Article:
The war in “Kamerun” pitting the minority English-speaking people of former British Southern Cameroon and the French-speaking Cameroon or La Republique du Cameroun, declared by its 86-year-old president is in its second year. The atrocities committed mostly by the central government of Paul Biya, based in Yaoundé, have seen minimal scrutiny like other conflicts in Africa for several reasons: Firstly, the government of 87-year-old Paul Biya has punitively restricted both national and international media from venturing to report the Atrocities Crimes (Crimes Against Humanity, War crimes and Genocide). (Read More)
Crimes Against Humanity: A serious criminal act committed within the context of a “widespread and systematic attack directed against a civilian population”. A crime against humanity can occur during war or peace, and can include murder, rape, slavery, persecution, extermination, and torture.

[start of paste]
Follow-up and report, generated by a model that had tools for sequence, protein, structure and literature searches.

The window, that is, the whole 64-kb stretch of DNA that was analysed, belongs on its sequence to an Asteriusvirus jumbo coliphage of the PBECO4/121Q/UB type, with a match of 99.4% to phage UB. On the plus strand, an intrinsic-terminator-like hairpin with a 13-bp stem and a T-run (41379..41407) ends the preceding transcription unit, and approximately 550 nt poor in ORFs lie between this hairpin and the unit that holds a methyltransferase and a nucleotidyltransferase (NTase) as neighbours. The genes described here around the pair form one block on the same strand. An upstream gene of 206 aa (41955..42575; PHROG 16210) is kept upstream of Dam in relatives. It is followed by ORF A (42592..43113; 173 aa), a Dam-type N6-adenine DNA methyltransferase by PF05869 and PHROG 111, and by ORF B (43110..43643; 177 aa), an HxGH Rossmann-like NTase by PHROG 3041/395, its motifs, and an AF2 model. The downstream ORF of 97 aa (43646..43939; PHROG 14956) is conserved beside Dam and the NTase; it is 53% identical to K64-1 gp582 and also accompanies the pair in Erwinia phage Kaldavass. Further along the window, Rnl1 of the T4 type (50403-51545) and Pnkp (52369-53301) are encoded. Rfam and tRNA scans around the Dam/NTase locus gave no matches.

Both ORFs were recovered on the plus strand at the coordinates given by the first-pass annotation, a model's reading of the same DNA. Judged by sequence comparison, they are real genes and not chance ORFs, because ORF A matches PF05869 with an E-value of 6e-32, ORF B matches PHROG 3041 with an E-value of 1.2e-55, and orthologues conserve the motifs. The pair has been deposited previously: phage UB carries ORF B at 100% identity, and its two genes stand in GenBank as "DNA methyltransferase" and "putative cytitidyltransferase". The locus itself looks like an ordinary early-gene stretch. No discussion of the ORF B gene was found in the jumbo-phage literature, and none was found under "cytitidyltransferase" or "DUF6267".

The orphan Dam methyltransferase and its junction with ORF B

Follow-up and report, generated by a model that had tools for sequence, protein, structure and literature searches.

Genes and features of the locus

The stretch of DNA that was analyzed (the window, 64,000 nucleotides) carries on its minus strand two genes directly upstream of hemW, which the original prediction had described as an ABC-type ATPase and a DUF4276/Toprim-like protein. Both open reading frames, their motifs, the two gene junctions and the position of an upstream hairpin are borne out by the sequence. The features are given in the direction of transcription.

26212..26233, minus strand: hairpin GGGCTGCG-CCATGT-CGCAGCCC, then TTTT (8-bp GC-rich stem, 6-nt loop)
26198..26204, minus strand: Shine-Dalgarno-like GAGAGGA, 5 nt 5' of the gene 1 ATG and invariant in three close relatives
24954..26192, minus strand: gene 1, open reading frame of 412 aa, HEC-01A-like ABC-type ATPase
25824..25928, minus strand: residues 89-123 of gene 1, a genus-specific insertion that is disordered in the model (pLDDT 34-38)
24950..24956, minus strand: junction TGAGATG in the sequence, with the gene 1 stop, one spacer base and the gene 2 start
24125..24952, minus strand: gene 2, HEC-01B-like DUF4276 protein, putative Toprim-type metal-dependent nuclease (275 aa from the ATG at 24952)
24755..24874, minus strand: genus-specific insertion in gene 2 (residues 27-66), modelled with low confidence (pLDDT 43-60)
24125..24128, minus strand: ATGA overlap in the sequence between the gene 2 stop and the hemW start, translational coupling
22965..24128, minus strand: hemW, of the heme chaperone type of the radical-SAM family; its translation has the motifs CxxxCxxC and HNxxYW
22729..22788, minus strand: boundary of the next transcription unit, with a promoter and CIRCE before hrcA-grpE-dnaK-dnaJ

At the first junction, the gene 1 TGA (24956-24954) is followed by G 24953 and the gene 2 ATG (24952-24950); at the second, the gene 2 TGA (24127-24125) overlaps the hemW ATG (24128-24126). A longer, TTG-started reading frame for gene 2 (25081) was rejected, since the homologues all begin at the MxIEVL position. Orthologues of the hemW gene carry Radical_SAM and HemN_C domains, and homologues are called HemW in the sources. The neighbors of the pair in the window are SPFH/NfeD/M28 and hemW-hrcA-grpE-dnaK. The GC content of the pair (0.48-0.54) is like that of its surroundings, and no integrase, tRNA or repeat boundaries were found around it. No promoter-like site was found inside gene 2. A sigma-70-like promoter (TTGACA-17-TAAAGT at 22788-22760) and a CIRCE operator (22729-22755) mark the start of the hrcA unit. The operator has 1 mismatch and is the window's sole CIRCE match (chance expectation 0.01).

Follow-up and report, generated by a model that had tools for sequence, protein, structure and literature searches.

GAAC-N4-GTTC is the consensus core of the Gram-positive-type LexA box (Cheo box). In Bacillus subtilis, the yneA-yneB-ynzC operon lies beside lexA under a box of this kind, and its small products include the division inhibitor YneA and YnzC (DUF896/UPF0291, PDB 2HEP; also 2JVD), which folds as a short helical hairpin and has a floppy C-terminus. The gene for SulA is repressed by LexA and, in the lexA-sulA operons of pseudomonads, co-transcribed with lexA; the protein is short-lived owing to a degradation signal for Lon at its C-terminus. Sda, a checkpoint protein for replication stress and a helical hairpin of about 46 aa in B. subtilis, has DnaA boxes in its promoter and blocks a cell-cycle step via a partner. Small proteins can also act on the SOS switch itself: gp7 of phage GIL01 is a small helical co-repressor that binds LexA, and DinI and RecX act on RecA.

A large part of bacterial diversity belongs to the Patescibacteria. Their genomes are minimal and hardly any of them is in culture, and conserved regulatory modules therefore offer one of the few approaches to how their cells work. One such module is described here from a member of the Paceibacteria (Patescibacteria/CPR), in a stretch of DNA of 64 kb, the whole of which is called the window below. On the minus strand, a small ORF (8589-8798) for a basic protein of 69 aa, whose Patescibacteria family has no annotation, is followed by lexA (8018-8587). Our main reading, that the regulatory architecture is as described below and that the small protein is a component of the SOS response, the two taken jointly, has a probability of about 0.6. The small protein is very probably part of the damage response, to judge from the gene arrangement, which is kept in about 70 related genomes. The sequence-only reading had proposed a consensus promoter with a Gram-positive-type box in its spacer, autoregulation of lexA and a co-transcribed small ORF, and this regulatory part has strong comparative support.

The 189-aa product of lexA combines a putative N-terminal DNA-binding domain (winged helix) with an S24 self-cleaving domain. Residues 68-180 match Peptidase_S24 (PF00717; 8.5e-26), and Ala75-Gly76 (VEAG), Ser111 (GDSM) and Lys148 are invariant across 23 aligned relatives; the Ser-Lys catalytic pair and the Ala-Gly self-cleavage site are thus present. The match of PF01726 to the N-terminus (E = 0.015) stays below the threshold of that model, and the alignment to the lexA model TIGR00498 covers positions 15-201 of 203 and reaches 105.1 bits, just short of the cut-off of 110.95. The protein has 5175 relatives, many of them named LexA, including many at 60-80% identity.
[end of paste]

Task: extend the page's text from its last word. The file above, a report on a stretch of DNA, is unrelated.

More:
War Crimes: Serious criminal acts committed within the context of an “armed conflict”: a resort to armed force between states. They can also be committed in a civil war. The criminal act must be related to the armed conflict, so a murder or a theft during a war but unrelated to the war is not a “war crime”. A war crime can be many different things, from illegal seizure of property to attacking civilian objects to using prohibited gases.
Genocide: Act committed with the intent to destroy in whole or in part a national, ethnic, racial, or religious group. It can include killing or causing serious bodily or mental harm to members of the group. It can also include deliberately inflicting on the group conditions of life calculated to bring about its physical destruction, or imposing measures to prevent births. Genocide can happen during war or peace. (Read more)
A Pictorial Confirmation Summary of French Cameroun Atrocity Crimes in British Cameroon.